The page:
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Eli Kantor is a labor, employment and immigration law attorney. He has been practicing labor, employment and immigration law for more than 36 years. He has been featured in articles about labor, employment and immigration law in the L.A. Times, Business Week.com and Daily Variety. He is a regular columnist for the Daily Journal. Telephone (310)274-8216; eli@elikantorlaw.com. For more information, visit beverlyhillsimmigrationlaw.com and and beverlyhillsemploymentlaw.com


Tuesday, February 09, 2021

Maryland senators push for permanent status for TPS holders


Maryland senators push for permanent status for TPS holders
© Greg Nash

Maryland’s Democratic senators are hoping to secure permanent status for more than 400,000 residents who first came to the U.S. temporarily.

The bill would help those with Temporary Protected Status (TPS) gain residency in the U.S., ending a cycle by which holders have to apply to renew their status every six to 18 months. The status has been given to people whose home counties have been hit by a natural disaster, civil unrest or other disruption starting in 1990.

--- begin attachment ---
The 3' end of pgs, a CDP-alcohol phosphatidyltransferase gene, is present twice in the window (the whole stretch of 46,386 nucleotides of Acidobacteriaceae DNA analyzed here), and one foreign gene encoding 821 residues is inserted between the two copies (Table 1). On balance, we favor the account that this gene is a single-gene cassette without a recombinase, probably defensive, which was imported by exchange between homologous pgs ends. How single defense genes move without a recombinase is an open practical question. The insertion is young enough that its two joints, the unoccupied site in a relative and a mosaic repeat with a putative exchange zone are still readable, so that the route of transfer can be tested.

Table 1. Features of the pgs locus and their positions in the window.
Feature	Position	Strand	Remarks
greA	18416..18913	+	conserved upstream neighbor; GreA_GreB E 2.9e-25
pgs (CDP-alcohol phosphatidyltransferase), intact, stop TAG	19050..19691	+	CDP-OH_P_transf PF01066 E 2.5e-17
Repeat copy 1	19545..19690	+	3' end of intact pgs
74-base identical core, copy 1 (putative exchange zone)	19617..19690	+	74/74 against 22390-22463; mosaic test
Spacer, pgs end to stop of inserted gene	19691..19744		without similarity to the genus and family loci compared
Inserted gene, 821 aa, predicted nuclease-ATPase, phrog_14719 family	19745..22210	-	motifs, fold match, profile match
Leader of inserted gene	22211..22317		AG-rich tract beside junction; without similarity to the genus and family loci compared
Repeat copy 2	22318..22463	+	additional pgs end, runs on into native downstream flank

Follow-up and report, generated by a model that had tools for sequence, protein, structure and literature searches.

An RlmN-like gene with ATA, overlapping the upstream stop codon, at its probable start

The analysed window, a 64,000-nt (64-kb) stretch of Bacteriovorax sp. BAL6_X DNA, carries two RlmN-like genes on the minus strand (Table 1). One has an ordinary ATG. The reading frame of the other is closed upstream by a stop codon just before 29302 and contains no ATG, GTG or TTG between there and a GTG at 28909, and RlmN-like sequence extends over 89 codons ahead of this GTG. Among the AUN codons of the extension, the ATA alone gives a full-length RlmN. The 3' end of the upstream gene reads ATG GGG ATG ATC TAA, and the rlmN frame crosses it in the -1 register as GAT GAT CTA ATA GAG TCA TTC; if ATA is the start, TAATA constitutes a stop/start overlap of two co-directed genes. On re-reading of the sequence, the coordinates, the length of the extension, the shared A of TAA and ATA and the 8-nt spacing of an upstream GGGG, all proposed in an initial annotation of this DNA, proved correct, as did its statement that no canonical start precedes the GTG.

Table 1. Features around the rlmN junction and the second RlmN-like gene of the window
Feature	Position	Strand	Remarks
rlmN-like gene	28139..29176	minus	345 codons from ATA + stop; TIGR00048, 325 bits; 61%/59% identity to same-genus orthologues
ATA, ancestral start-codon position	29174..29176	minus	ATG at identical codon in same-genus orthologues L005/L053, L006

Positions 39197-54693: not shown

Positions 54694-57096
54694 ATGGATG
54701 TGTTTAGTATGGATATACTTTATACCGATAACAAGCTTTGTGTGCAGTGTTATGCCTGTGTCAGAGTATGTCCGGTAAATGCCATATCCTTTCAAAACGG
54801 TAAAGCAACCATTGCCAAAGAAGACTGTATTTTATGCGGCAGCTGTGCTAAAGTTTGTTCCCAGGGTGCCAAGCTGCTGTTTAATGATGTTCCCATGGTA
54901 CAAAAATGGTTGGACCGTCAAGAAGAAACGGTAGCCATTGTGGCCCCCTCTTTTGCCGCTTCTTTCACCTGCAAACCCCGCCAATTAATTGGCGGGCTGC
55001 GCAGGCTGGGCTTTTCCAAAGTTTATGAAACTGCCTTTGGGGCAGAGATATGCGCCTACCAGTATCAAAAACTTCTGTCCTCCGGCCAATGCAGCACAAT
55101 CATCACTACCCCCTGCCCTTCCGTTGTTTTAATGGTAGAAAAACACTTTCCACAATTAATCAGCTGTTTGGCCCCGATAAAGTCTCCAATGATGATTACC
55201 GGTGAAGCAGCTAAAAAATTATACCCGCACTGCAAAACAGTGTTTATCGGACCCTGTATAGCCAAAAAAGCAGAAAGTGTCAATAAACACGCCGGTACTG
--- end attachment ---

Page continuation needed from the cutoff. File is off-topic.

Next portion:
The legislation comes as TPS holders battle a decision from the Trump administration, which sought to end the status for those from Sudan, Haiti, El Salvador and Nicaragua, many of whom came to the U.S. years before. The prior administration argued that those countries had since recovered from the disasters and unrest.

“For decades, our country has welcomed and protected those fleeing violence and turmoil around the world,” Sen. Chris Van Hollen (D-Md.) said in a release.

“Many have lived here legally for over twenty years – and have come to call our country home. But over the last four years, the livelihoods of these individuals have been under constant threat. Now, alongside the Biden Administration, we must prioritize providing TPS recipients security and certainty.”

The bill would provide a path to residency for people from El Salvador, Haiti, Honduras, Nepal, Nicaragua, Somalia, Sudan, South Sudan, Syria and Yemen who are TPS holders.

The bill, dubbed the SECURE Act, failed to advance when it was introduced last year, but the lawmakers hope that Biden’s immigration bill would become a vehicle for the legislation which will now be taken up in a Democrat-led Senate. 

Biden has advocated for an eight-year path to citizenship for 11 million people within the U.S.

“If it were up to Democrats we would have done this a long time ago,” Sen. Ben Cardin (D-Md.).

“It is difficult to get Republicans to stand with us because they are in most cases a minority within their caucus,” he said of GOP lawmakers who back TPS status. 

For more information contact us at http://www.beverlyhillsimmigrationlaw.com/

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